annual gift man

It’s time for some of my favorite Christmas quotes, mostly from Bart Simpson, in no particular order:

“If a kid ever asks you how Santa Claus can live forever, I think a good answer is that he drinks blood.” – Jack Handey

“Christmas is a time when people of all religions come together to worship Jesus Christ.” – Bart Simpson

“Aren’t we forgetting the true meaning of Christmas – the birth of Santa?” – Bart Simpson

“Come on, Dad, if TV has taught me anything, it’s that miracles always happen to poor kids at Christmas. It happened to Tiny Tim, it happened to Charlie Brown, it happened to the Smurfs, and it’s gonna happen to us.” – Bart Simpson

Bart: “Hey, where’d that cool creepy Santa come from?”
John: “Japan. Except over there they call him ‘Annual Gift Man’ and he lives on the moon.”

Nothing can get me in the holiday spirit better than watching some Christmas specials from The Simpsons. I suggest you do the same.

7 thoughts on “annual gift man

  1. If you take the definition of division, then I think it is almost impossible to argue that you cannot divide something zero times. It would just leave you with a remainder equal to the number that you are initially trying to divide. At least, in practical math this is the case. So, if you are looking for the answer to 5 divided by 0, you would get any number * 0 subtracted from 5, and get 5 as the answer. Perhaps there should be the possibility of representing such an answer which covers all bases. We could come up with a new idea, and use a familiar symbol (“n” – which in theoretical math stands for any number). And therefore, whenever we divide any number by zero, we could simply denote the answer as “n remainder “. This would clarify to any certain degree that any real or non-real number would suffice. However, there would still be 2 partial answers that we derive from this equation. Such as anyone (especially anyone who has ever programmed) knows, there are actually 2 components to integer division, the integer answer and the remainder (which is derived by the modulo equation). Hereby, by making math apply to a stricter set of rules, whereas we are only interested in integer (or even whole unit [ie multiples of pi]), we can receive one answer, with 2 parts.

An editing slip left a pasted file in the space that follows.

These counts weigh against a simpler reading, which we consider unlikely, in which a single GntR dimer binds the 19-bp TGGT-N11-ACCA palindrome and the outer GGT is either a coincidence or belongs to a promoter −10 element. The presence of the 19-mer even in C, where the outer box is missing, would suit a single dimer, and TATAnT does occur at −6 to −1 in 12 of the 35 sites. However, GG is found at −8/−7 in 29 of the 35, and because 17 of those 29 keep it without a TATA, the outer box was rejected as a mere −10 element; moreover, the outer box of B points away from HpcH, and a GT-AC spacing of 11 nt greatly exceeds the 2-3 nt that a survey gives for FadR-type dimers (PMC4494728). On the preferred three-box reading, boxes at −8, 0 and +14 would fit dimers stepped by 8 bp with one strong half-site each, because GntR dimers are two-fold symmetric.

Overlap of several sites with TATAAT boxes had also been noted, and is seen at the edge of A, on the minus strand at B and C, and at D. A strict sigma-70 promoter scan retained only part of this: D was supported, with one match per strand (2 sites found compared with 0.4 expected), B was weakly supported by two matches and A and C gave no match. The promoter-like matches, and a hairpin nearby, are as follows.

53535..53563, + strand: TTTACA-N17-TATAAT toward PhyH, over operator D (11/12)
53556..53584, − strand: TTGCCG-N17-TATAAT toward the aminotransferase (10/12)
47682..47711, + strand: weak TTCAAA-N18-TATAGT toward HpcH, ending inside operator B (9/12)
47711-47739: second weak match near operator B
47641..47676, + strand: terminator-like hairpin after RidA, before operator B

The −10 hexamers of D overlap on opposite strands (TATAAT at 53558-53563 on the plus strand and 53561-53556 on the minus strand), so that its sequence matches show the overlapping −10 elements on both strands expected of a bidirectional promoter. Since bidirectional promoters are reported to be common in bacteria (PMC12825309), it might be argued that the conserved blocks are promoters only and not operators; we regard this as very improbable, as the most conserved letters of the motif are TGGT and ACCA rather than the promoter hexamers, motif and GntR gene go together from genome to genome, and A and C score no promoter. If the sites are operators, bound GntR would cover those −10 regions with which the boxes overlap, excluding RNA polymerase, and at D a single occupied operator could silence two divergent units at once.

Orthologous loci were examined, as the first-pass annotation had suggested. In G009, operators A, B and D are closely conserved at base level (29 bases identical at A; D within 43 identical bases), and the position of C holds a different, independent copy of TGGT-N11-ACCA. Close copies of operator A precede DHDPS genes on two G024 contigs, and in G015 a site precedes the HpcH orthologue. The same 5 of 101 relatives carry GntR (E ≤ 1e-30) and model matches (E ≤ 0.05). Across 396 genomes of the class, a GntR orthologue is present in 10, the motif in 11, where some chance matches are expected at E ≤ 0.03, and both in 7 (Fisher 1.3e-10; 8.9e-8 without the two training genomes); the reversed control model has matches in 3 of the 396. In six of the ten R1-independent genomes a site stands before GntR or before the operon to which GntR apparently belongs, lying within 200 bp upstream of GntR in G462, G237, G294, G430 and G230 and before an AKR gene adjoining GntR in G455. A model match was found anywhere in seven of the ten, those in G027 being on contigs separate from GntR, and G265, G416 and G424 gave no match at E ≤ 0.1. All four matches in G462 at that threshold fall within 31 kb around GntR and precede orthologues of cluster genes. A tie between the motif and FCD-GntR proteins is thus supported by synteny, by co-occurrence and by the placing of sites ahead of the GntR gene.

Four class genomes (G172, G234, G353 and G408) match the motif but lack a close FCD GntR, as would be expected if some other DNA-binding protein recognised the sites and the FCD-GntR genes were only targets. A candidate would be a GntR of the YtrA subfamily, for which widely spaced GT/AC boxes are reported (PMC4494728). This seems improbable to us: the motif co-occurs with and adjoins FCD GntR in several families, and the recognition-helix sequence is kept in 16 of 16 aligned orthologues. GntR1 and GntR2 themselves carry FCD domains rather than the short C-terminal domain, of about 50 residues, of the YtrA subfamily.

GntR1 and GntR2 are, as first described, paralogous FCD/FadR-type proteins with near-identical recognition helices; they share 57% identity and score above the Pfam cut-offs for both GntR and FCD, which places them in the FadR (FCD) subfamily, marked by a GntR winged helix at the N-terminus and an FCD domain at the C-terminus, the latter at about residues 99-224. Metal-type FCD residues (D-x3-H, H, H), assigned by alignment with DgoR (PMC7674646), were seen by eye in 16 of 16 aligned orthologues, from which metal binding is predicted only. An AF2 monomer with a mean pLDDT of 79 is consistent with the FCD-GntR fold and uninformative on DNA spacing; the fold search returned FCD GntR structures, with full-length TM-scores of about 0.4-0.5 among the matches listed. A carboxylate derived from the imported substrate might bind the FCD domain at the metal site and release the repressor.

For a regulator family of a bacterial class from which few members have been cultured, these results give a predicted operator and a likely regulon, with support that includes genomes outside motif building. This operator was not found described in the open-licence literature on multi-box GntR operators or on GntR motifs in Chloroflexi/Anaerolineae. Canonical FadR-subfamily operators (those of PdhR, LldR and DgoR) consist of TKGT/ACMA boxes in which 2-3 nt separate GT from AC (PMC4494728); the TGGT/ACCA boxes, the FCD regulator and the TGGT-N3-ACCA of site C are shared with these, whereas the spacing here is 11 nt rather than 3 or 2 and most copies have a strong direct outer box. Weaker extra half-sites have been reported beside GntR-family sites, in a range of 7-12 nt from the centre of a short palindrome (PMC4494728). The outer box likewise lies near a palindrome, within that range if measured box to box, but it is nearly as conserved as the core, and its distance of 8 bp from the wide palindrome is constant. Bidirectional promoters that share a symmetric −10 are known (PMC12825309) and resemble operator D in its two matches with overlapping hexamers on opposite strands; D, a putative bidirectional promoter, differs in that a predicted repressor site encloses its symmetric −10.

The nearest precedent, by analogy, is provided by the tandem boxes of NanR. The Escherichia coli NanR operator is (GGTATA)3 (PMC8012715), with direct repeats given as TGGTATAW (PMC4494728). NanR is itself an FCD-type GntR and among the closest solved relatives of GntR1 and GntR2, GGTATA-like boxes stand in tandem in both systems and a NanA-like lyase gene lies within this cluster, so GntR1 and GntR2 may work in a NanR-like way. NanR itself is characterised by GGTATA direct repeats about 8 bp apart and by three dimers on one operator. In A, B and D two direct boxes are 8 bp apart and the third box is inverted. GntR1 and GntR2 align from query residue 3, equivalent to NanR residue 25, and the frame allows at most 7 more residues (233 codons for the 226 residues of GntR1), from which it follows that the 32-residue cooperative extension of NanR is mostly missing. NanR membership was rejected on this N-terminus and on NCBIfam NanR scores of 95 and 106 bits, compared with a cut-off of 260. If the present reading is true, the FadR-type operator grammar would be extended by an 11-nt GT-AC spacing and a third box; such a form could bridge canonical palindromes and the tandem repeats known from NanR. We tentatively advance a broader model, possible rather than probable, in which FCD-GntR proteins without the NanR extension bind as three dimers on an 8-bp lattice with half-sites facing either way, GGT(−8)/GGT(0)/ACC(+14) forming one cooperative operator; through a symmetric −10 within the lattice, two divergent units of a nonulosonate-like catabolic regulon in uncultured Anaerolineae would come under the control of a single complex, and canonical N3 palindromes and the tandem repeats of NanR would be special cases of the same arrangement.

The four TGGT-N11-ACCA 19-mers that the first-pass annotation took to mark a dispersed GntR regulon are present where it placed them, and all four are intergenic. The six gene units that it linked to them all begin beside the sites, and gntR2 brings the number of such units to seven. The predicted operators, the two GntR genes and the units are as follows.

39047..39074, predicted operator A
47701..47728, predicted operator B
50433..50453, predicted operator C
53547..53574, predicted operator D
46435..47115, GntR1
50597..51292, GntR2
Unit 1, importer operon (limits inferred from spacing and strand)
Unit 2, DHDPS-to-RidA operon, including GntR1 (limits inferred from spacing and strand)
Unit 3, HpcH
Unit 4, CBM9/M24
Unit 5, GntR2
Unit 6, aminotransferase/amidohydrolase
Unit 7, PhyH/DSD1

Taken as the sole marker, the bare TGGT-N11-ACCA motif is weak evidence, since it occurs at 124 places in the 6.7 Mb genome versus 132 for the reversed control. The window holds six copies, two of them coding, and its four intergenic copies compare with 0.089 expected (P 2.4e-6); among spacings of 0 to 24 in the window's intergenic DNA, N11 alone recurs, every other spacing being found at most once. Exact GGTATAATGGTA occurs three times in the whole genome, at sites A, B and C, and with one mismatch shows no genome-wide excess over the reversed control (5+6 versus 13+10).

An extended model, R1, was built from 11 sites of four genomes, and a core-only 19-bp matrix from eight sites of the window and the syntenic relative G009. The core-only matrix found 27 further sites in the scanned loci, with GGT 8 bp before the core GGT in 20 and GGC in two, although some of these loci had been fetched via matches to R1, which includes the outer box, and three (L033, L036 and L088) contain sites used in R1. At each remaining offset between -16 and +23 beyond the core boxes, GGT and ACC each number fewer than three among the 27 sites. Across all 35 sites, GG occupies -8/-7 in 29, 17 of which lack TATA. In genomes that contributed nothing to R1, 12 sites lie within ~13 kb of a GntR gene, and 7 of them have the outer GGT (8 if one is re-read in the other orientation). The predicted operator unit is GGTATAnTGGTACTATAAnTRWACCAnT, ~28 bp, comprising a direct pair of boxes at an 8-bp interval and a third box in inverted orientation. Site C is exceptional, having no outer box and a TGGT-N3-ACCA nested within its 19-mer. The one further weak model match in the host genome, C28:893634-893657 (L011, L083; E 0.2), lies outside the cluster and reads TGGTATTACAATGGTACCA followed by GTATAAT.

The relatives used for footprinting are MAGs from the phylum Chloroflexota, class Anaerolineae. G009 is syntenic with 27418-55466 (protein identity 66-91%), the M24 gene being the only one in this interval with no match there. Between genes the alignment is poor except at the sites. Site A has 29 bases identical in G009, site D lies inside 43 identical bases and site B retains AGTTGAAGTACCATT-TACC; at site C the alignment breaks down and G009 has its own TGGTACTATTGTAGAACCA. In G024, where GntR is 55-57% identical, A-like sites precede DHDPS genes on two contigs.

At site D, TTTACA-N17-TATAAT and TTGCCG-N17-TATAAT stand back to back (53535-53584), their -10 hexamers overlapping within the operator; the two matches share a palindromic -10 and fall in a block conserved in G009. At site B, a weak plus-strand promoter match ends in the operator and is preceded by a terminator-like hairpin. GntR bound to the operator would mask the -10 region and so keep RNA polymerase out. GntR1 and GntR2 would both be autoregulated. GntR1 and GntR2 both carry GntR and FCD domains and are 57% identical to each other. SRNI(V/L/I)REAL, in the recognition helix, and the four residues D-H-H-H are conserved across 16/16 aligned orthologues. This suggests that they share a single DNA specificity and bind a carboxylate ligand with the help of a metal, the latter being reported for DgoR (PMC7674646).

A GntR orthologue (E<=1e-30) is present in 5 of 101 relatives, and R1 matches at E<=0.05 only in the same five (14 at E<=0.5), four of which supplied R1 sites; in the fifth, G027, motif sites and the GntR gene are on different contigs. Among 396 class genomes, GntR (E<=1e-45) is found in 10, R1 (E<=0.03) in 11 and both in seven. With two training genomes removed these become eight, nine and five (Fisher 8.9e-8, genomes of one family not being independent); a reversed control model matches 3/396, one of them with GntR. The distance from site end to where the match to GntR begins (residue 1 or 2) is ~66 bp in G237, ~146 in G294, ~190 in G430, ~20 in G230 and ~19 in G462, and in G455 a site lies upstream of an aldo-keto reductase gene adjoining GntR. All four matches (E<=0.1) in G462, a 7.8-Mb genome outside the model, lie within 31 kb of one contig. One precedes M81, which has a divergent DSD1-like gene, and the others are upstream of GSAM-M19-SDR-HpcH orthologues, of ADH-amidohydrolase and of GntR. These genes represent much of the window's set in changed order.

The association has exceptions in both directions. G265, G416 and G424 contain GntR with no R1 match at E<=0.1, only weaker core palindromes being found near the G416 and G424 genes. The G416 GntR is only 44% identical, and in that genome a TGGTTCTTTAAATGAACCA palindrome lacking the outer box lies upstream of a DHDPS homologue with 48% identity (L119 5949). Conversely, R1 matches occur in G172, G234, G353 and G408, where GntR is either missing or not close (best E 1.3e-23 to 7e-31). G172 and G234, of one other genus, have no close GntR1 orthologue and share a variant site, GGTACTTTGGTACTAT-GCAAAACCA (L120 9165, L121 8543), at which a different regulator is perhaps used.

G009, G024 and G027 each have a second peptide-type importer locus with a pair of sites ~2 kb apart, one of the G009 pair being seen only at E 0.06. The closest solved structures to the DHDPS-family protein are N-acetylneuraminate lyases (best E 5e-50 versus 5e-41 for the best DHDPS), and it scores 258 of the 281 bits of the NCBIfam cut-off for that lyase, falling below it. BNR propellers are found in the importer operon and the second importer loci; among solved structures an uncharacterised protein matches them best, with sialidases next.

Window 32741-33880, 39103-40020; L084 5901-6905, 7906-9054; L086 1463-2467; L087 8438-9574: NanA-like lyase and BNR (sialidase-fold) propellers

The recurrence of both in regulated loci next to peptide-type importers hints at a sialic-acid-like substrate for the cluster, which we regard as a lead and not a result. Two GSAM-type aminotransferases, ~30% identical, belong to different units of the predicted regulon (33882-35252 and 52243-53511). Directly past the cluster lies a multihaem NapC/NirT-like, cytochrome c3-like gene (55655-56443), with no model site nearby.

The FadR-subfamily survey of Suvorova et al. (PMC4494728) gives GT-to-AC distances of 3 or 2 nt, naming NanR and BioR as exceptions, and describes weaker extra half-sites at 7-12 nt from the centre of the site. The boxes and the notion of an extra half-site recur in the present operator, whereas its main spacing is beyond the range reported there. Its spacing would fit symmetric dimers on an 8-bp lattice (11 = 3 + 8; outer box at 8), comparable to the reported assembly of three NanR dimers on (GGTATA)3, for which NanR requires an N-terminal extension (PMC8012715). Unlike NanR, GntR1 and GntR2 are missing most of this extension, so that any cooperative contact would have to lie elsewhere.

However, implementing a system such as this one, we come to the obvious that division would no longer be the exact opposite of multiplication. Division would rather be the device we used to find the components of an equation that would always look like:

    * =

    The answer would also have to be accompanied with the dividend. This would be necessary, because reading that the answer to the problem of 5 divided by 0 is equal to 0 remainder 5 would lead to problems in finding exactness and in inequalities. Seeing that 1 divided by 5 is equal to 0 remainder 1, and 1 divided by 10 is equal to 0 remainder 1, we arrive at the point where taking into consideration of the factor applied throughout the problem is key. We would have to extend all answers to a format that would look like such:

    remainder factor .

    In conclusion, this is extremely convoluted. In all practical applications, it is just best to assume that any number divided by zero is undefined. I can deal with decimal points or even fractions better than a convoluted answering system for division.

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